Big Ed's Tips for Winter Riding

MCE Insurance

It's cold, it's wet, it's windy. Yep it's winter in Britain again. But that doesn't mean the bike should stay tucked up safe in the garage. By taking a few simple steps you can still get out there and enjoy your bike!

Step One: Maintenance

Always worth giving your bike a good check over if your going out in adverse conditions. If the old girls on form you'll stand a much better chance out there! Lights, tyres and brakes should be your first point of call.

Lights: You want to be seen on those dark winter mornings and evenings, make sure all your stop lamps are working as well as dipped and full beam.

Tyres: The condition of your tyres can really effect how your bike handles on the road and in bad weather this can make a real difference. Check for uneven wear and also the thread depth. MOT standards require 1mm. Also if your tyres are new make sure you've given them a good 200 mile run in as the sheen that comes on new tyres could leave you a cropper.

Brakes: Very important to check into because you don't want to end up in a situation where you can't stop! Check your fluid levels (hydraulic brakes) and top up where necessary. If the fluid looks dark in colour and you're finding your brakes feel spongy it may be worth flushing the system and filling with new fluid. This can be a bit of a job what with bleeding the brakes etc so only attempt if you're feeling confident, if not pop it into your local garage. Pads also need a good look over. Check for uneven wear and if the pad material is low.

With those three main points out the way you'll just want to have a good look round the bike. Lubricate all the moving parts and places that the weather is going to get into. Even grease up some points if you wish. Anything to keep your baby protected.

Step Two: Extra Gear

There are lots of little extras you can get to help you at this time of year, making you more comfortable and safer when riding.

Heated Grips: Now I know some people will turn there noses up at this but I can tell you if you're riding all year round heated grips are a lifesaver. Your hands and fingers are right at the extremes of your body and extended out when you're on a bike. Not only that but they are getting all the wind and weather your fairing can't hide. Even the best gloves will give eventually. Heated grips give you warm/hot hands whatever the weather. This is going to help with your concentration and riding. We've all tried to warm the hands up on the engine but if you can keep them warm and on the handlebars you'll be winning. I'm telling you; don't knock it until you've tried it! You can pick up reasonably good sets for quite cheap too if you shop around. If you fit them yourself run them through the ignition switch rather than straight off the battery (as instructions will probably recommend) because if you forget to turn them off you'll end up with a flat battery. Running them through the switch means they'll be off when the bikes off.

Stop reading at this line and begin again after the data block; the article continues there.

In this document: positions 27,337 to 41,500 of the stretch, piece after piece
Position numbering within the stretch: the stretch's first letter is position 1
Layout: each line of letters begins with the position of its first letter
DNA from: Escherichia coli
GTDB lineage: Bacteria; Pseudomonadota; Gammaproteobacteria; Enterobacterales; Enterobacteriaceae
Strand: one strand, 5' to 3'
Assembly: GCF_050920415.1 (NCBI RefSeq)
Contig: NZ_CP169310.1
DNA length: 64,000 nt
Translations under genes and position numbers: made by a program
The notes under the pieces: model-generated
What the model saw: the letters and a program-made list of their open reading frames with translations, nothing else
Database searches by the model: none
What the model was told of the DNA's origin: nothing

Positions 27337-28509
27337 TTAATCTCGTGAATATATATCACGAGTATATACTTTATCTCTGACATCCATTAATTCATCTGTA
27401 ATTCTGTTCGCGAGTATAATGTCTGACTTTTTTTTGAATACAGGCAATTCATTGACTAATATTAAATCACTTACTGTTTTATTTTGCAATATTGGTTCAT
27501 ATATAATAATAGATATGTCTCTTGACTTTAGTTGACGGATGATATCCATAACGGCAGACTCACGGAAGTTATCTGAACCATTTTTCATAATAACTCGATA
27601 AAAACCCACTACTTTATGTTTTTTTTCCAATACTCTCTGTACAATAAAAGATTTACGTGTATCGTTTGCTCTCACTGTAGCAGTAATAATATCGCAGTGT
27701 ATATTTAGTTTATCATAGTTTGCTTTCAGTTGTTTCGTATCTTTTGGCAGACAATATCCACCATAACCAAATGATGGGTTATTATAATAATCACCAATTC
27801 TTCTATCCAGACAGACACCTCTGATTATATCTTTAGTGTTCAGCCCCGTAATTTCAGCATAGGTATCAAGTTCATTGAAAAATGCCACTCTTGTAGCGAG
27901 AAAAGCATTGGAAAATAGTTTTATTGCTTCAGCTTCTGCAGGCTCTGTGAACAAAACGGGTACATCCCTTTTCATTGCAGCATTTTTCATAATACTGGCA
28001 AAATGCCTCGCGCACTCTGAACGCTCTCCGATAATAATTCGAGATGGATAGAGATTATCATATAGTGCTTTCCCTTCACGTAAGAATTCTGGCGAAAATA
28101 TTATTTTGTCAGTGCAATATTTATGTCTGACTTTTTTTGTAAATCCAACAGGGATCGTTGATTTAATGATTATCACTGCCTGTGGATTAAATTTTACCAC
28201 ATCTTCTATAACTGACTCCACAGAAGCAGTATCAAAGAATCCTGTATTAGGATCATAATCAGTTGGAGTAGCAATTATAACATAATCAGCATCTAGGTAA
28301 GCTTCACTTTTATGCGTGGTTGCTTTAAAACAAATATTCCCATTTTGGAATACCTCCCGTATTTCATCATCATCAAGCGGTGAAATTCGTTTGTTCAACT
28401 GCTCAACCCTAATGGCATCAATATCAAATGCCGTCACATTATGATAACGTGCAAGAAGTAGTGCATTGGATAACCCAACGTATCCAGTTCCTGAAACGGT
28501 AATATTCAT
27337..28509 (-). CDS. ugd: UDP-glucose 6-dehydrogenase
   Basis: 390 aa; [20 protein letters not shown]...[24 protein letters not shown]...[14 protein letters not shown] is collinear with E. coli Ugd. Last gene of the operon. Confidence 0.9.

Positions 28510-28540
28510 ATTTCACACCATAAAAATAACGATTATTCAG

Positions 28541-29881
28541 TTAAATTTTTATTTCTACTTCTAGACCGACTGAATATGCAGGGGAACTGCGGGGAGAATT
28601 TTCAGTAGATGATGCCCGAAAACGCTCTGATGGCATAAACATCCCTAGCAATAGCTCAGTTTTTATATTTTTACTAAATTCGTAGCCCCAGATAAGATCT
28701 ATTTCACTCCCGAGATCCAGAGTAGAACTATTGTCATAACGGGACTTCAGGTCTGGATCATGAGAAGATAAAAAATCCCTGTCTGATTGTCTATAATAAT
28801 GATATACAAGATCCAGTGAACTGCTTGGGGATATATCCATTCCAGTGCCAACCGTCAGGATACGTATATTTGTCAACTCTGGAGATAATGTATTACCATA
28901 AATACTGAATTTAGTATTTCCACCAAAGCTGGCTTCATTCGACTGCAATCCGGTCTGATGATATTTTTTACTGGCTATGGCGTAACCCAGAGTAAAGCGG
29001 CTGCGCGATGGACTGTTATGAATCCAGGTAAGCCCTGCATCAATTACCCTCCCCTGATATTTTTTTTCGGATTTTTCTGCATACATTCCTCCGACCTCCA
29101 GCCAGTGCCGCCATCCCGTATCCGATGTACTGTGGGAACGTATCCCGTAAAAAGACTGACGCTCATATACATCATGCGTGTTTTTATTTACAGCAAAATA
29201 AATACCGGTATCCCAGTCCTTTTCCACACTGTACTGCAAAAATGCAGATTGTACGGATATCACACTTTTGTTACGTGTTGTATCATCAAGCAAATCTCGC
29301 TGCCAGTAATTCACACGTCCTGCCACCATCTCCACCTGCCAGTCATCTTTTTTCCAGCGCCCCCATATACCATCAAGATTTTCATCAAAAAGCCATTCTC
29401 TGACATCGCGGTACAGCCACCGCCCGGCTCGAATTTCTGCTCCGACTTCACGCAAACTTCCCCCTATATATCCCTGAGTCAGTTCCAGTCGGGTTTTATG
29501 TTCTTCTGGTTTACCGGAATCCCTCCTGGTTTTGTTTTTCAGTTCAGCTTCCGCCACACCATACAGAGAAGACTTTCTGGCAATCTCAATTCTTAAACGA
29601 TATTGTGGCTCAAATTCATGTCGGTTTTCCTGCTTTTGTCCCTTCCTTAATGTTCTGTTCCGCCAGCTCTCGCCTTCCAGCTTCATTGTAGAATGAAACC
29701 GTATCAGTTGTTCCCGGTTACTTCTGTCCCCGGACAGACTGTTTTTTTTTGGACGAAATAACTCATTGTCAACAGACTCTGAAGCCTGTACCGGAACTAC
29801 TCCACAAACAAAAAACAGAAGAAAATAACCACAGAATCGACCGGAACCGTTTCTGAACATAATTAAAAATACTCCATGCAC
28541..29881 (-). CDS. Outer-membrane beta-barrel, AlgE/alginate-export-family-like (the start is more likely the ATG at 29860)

Muffs: I've never actually used muffs myself (couldn't handle the look of the things) but I've heard they're fantastic. Basically they are just padded waterproof pockets fitted to your handlebars to slot your hands into. Marry this with heated grips and your hands will be as toasty as... well toast.

Waterproofs/leathers: It's always worth buying into so decent warm wet gear when out this time of year. Concentration will be lost through being cold and you need to be switched on all the time especially if there's ice about. There are great ranges of clothing for motorcyclists out there these days at affordable prices. Shop around and find the best stuff for you bearing in mind you want to be warm and dry. Weise offer a good range, take a look!

Snow Spikes and Chains: If you're feeling really confident even when there's snow on the ground you can still get out. Snow spikes and chains are readily available for most bikes. They'll give you that extra grip you're after if the white stuff comes.

Step Three: Out on the road

So you've checked over the bike, collected together some extra gear and now you're venturing out. I'd always check the weather forecast before you head out just to make sure there's not a blizzard approaching, unless that's what you're after of course. But I wouldn't recommend it. You could have a snowmobile but they'll still be that idiot who slams on his brakes, locks his wheels and slides into you. People cannot drive in snow anymore it seems...

Generally check the road surface before you go out and when riding. If it's a frosty morning/evening or it's been raining, they'll be the possibility of ice or even worse, the invisible black ice. These pose the biggest danger for you when you're out as the bike can jump out from under you searching for grip, if you do have a slide be prepared for when the grip returns. Best Advice I can give is don't fight it, let the bike sort itself out and try to stay upright.

These days the road gets a good spreading of that horrible salt mixture. Which to be honest does a good job of clearing snow and ice but does leave a sort of slush which can be slippery anyway. Just be aware of it. It will also cover your bike in grime so try and give her a good wash down every week or the salts going to start eating away at metal components.

Last point and sounds simple I know but just adjust your riding style to meet the conditions. Go careful, always being aware of the road surface and people around you. Bad weather tends to make the roads busier and also more dangerous especially if visibility is being affected. Take account for your stopping distances, always give more room. I ride all year round with my lights on, even in the day. It's just going to give people something else to see.

Well those are my winter riding tips, be careful out there and most of all have fun!

14.12.12 - Big Ed

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